We’ve just published our update for September 2020. This months update includes: An update to our A-Z of job roles and their eligibility for basic, standard and enhanced criminal record checks. A personal story from an individual who has been accepted onto a university course to study digital forensics following a conviction for assault. A
Looking back over the last couple of months, we’ve written up a few examples of the people we’ve helped. We hope they give a good idea of how we help people. However, more importantly than our role, we think that these examples show how people with convictions are able to overcome some of the barriers
Zara contacted our helpline seeking advice following her dismissal from work due to the non-disclosure of information on her DBS certificate. Zara explained that she’d been working at a children’s nursery and was still in her probationary period when she was dismissed. She confirmed that at every stage of the application process she had been
Ian initially contacted our helpline for some advice in 2019 after the solicitors he had worked for, for 25 years suspended him when his conviction from 1988 came to light. In order to ensure that they were fully compliant with the Solicitors Regulation Authority, Ian’s employers decided to carry out retrospective background checks on all
Bernie contacted our helpline seeking advice around employment and insurance. He explained that in 2019 he had been convicted of assault and received a 12-month suspended sentence. He went on to say that prior to his conviction, he had been a driving instructor and, although the Driver and Vehicle Standards Agency (DVSA) had not removed his
Ulrik contacted our helpline for some advice following an application he’d made to study medicine at university. He explained to our helpline advisor that when he’d applied to the university he’d been asked to declare any spent or unspent cautions or convictions that would show on a criminal record check. Ulrik ticked the “Yes” box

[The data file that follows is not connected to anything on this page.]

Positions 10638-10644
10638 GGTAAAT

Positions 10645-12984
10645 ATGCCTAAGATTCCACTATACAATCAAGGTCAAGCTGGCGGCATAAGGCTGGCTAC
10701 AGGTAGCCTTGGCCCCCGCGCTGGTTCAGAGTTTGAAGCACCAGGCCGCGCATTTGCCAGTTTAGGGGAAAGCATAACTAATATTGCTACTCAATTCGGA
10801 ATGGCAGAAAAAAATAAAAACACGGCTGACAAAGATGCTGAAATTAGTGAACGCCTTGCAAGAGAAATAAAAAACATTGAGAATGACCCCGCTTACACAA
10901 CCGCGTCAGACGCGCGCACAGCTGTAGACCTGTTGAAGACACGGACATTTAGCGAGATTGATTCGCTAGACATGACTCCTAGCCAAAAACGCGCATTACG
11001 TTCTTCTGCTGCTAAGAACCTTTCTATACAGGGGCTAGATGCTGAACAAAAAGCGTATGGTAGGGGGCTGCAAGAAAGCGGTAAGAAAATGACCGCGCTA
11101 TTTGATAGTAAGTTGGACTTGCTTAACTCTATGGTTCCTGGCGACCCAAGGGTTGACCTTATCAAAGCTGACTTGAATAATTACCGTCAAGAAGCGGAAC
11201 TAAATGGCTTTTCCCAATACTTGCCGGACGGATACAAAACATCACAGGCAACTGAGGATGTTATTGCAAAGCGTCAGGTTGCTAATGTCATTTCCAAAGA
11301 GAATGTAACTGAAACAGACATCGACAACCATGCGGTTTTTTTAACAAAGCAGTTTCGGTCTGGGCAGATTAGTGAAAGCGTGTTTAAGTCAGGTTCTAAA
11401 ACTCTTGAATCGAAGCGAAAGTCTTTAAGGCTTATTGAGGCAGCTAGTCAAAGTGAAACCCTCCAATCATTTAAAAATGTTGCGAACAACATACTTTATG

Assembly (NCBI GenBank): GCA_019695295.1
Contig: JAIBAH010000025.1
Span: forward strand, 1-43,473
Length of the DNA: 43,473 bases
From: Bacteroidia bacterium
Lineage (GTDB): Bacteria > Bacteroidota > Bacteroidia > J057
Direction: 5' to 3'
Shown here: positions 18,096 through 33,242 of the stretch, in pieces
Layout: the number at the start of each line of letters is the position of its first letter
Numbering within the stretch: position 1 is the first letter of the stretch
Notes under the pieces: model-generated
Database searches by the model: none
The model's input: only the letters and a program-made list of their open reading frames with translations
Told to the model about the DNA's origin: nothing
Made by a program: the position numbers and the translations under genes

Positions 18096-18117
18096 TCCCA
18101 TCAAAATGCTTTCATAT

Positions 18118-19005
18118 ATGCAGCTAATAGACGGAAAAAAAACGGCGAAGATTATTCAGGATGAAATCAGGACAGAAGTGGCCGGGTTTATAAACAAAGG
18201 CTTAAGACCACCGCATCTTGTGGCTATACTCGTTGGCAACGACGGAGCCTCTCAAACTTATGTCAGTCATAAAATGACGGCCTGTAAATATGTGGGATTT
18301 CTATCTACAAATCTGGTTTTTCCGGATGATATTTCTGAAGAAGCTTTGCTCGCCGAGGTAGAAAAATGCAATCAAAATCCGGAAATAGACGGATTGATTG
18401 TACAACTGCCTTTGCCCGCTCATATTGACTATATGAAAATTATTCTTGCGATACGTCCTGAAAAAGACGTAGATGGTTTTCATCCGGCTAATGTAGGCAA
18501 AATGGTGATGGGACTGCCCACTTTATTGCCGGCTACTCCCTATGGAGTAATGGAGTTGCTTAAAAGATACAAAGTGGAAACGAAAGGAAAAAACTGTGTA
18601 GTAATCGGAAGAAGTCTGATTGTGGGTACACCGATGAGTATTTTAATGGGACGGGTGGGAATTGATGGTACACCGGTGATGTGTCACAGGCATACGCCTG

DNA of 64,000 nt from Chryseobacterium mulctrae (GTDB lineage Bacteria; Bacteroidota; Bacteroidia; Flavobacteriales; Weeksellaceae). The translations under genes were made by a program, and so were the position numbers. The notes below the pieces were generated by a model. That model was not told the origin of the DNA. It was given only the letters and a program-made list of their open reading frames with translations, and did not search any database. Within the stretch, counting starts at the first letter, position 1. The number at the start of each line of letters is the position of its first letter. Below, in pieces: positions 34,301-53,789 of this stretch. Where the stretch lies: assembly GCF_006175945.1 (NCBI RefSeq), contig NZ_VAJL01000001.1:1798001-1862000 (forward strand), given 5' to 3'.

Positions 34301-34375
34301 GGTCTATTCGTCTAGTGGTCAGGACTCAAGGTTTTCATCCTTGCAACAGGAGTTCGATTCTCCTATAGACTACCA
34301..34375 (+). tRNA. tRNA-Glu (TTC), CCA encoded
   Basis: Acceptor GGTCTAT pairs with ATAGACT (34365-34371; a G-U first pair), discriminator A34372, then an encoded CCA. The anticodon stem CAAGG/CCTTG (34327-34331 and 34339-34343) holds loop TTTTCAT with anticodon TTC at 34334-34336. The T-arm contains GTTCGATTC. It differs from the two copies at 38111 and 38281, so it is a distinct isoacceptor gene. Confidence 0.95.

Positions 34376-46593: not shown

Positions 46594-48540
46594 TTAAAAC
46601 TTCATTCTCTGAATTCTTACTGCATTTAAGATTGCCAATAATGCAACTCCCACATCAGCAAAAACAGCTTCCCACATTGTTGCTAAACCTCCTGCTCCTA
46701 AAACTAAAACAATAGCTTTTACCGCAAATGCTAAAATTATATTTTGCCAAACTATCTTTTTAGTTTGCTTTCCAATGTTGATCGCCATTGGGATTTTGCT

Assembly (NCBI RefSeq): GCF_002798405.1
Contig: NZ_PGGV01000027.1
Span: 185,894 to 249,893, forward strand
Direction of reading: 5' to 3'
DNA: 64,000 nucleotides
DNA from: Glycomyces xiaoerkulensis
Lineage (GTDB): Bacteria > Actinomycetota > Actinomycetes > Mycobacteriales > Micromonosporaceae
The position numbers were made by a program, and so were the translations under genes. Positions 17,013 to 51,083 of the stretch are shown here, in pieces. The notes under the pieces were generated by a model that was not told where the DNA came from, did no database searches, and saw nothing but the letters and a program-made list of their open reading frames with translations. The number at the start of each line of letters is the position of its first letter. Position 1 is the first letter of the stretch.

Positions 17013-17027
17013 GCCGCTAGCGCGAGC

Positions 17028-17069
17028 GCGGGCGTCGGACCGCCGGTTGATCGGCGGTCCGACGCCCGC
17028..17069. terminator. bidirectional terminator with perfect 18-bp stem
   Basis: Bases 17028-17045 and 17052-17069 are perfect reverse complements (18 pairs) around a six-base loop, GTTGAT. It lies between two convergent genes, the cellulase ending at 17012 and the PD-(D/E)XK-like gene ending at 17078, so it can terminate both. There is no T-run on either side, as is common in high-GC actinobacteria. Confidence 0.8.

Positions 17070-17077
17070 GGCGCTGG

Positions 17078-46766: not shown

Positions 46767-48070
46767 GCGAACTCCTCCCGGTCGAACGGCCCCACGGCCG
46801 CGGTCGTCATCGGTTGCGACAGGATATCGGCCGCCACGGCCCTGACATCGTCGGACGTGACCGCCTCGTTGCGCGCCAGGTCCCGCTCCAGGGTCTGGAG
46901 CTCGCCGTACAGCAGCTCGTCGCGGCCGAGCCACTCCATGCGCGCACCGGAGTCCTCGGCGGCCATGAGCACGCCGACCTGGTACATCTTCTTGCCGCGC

The Scottish Government has passed a significant reform to their criminal records regime. The Scottish system is separate from the one that applies in England and Wales, and had fallen behind the rest of the UK after Westminster made significant updates in 2014.   The reforms that Holyrood have now passed make for interesting reading. The Scottish reforms, which come
Commenting on today’s announcement (16 September) by the Ministry of Justice on plans to make changes to the Rehabilitation of Offenders Act 1974 and the disclosure of criminal records, Christopher Stacey, co-director of Unlock, said:  Unlock very much welcomes and supports today’s announcement by the Justice Secretary that disclosure periods for criminal records will be reduced. If these
Tagged under:
In July 2020 the Department for Transport published new guidance
Tagged under: , , ,
We’ve just published our update for August 2020. This months update includes: New information to address some of the issues people face in telling a partner, family member or friend about their criminal record. A personal story from an individual who, as a victim of domestic violence, received a conviction but, has gone on to
Unlock, a national advocacy charity for people with criminal records, has today published Checked out?, a report on so-called ‘ineligible’ criminal record checks, submitted by employers and processed by the Disclosure and Barring Service (DBS). The Rehabilitation of Offenders Act 1974 allows some criminal records to become spent after a crime-free period. This means they are no
In 2009 Julian was convicted of ABH and received a community order together with a £1,000 compensation order which he paid immediately. After waiting the 5 years for his conviction to become spent (this was prior to the changes to the Rehabilitation of Offenders Act in 2014) Julian applied to Disclosure Scotland (who were responsible
Tagged under: